"In moments of preciousness, I think I should be doing something more useful with my life, but communication through artistic forms is important," says actor Damian Lewis, describing how he views his craft.
Born on February 11, 1971, to parents Watcyn and Charlotte Lewis, Damian was raised in London's St John's Wood district. Avid theatre goers, his parents often took Damian and his three siblings to the West End and introduced them to acting at a very early age. "The most exciting feeling was when the house lights went down and there was the last rustling of crisp packets. It was magical," says the auburn-haired star.
His interest in acting grew at Ashdown House school in Sussex where, as a young boarder, he starred in its annual Gilbert and Sullivan production. At Eton he continued his acting pursuits, forming a theatre company through which he starred as Wackford Squeers in its production of Nicholas Nickelby.
Graduation was followed by a brief stint as a car alarm-installer in South London, but Damian's heart was set elsewhere. In 1990 he enrolled at the Guildhall School of Music and Drama, where fellow students included Ewan McGregor and Joseph Fiennes. It was here, Damian says, he was "whipped into shape by a few people I thought I knew more about life than, but didn't", and where his disciplined acting style was formed.
After leaving the Guildhall School in 1993, Damian appeared in several Royal Shakespeare Company productions, honing his skills in productions such as Hamlet, in which he played Laertes to Ralph Fiennes' troubled Danish prince. While still treading the boards at the RSC, he also landed his first small and big screen parts including an episode of Poirot, and a supporting role in the Pierce Brosnan vehicle Robinson Crusoe.
He went on to star in several popular and critically acclaimed TV productions, including 1999's Bafta-winning TV series Warriors, in which he starred with Ioan Gruffudd and Matthew Macfadyen, and a leading role in Hearts And Bones.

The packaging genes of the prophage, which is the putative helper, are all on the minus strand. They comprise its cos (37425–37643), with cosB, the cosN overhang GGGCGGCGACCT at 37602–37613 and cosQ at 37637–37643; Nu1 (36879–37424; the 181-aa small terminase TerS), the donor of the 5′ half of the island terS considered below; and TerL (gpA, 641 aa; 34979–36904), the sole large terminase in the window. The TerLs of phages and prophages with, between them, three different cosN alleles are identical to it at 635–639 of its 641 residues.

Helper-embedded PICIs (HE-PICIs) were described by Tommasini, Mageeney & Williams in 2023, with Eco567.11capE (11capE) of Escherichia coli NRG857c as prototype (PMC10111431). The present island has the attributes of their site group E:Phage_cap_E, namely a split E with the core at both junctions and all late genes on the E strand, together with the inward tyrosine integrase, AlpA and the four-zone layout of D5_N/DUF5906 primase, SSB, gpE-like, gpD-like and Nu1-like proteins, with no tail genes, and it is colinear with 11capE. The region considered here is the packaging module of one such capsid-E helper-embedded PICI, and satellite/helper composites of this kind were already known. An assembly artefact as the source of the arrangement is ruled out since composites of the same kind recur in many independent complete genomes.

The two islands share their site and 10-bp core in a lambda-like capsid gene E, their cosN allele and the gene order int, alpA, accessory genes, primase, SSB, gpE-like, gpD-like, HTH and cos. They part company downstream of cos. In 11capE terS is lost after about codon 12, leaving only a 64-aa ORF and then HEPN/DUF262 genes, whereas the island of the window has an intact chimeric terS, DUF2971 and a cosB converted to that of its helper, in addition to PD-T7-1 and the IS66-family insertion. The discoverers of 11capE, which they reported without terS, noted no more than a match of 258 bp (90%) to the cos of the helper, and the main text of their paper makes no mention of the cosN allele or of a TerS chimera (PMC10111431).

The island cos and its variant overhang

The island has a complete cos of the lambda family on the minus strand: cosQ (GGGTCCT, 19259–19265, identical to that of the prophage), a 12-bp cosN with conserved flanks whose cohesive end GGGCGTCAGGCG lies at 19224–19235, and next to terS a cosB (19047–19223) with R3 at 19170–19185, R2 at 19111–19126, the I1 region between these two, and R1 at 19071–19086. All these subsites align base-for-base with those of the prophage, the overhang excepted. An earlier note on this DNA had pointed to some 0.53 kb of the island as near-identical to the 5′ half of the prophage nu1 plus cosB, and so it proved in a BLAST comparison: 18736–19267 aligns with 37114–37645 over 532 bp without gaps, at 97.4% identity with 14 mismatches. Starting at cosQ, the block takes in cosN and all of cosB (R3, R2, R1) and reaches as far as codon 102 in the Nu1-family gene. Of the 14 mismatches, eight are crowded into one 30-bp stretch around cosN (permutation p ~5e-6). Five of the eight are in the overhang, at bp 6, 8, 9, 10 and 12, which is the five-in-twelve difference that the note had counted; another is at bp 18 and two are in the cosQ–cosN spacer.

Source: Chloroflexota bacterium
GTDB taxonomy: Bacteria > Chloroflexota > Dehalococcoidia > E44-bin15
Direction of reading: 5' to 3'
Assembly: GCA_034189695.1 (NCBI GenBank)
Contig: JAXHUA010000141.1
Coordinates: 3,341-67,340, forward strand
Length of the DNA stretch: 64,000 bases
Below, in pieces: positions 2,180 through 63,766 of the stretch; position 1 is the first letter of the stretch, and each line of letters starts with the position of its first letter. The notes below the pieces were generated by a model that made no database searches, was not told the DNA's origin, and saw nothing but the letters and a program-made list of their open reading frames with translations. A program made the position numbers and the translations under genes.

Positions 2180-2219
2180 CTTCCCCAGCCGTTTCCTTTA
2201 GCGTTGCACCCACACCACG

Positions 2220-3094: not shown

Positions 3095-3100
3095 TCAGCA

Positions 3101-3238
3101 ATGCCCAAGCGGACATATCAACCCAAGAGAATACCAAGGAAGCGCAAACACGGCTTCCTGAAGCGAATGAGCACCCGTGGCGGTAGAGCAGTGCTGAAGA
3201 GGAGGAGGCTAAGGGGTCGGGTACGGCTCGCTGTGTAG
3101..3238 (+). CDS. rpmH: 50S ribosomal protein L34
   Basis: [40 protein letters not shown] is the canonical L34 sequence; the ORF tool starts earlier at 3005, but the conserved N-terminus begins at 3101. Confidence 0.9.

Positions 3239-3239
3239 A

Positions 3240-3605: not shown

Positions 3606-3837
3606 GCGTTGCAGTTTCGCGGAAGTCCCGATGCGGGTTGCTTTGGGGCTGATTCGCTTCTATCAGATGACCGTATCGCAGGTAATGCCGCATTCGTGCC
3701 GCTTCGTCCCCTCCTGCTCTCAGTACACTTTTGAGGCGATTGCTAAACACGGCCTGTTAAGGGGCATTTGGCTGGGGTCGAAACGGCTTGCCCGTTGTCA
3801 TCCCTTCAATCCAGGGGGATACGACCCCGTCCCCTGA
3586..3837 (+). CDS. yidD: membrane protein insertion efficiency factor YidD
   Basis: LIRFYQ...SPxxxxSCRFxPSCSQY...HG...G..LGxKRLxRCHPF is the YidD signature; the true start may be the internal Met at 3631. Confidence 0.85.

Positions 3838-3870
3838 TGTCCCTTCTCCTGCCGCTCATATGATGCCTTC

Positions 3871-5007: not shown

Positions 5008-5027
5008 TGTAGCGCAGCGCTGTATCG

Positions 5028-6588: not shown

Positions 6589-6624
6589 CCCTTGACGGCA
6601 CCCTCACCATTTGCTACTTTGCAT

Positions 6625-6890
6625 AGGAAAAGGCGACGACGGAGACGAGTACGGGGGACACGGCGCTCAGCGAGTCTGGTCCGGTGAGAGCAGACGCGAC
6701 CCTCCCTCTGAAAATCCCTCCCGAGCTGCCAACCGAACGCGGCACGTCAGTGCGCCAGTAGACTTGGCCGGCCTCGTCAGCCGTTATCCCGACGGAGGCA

Damian's big break came in 1999, however, when he was cast as Major Richard Winters in the WWII made-for-TV drama Band Of Brothers. His portrayal of the stoic military leader, which was described by producer Tom Hanks as "unequivocally evocative", earned him a Golden Globe nomination and suddenly Hollywood took notice of the talented Brit. Overnight he found his career taking flight.
With Band Of Brothers enjoying critical acclaim, the actor was soon offered a role in Dreamcatchers, based on Steven King's best-selling novel and directed by Lawrence Kasdan. Raving about Damian's performance, the celebrated American director described him as "an extraordinary young British actor very magnetic, charismatic and soulful."
While becoming increasingly prominent on the international stage, Damian continued to consolidate his reputation back in his native UK where his portrayal of Soames Forsyte in 2002's The Forsyte Saga made him a household name.
The following year was dedicated to two movies. He starred opposite Jennifer Lopez and Robert Redford in the drama An Unfinished Life, before starting work on Brides, a tale of Greek war brides in the 1920s.
While his career has gone from strength to strength, Damian's personal life has born the brunt of exacting work commitments. He parted from long-term girlfriend Katie Razzall in 2003, explaining that his hectic work schedule made his relationship with the Channel 4 producer hard to sustain. However, shortly afterwards he found a new romance with The Queen star Helen McCrory and the two got engaged in early 2006. The pair welcomed their first child, daughter Manon, on September 8 that year and plan to wed in the summer of 2007.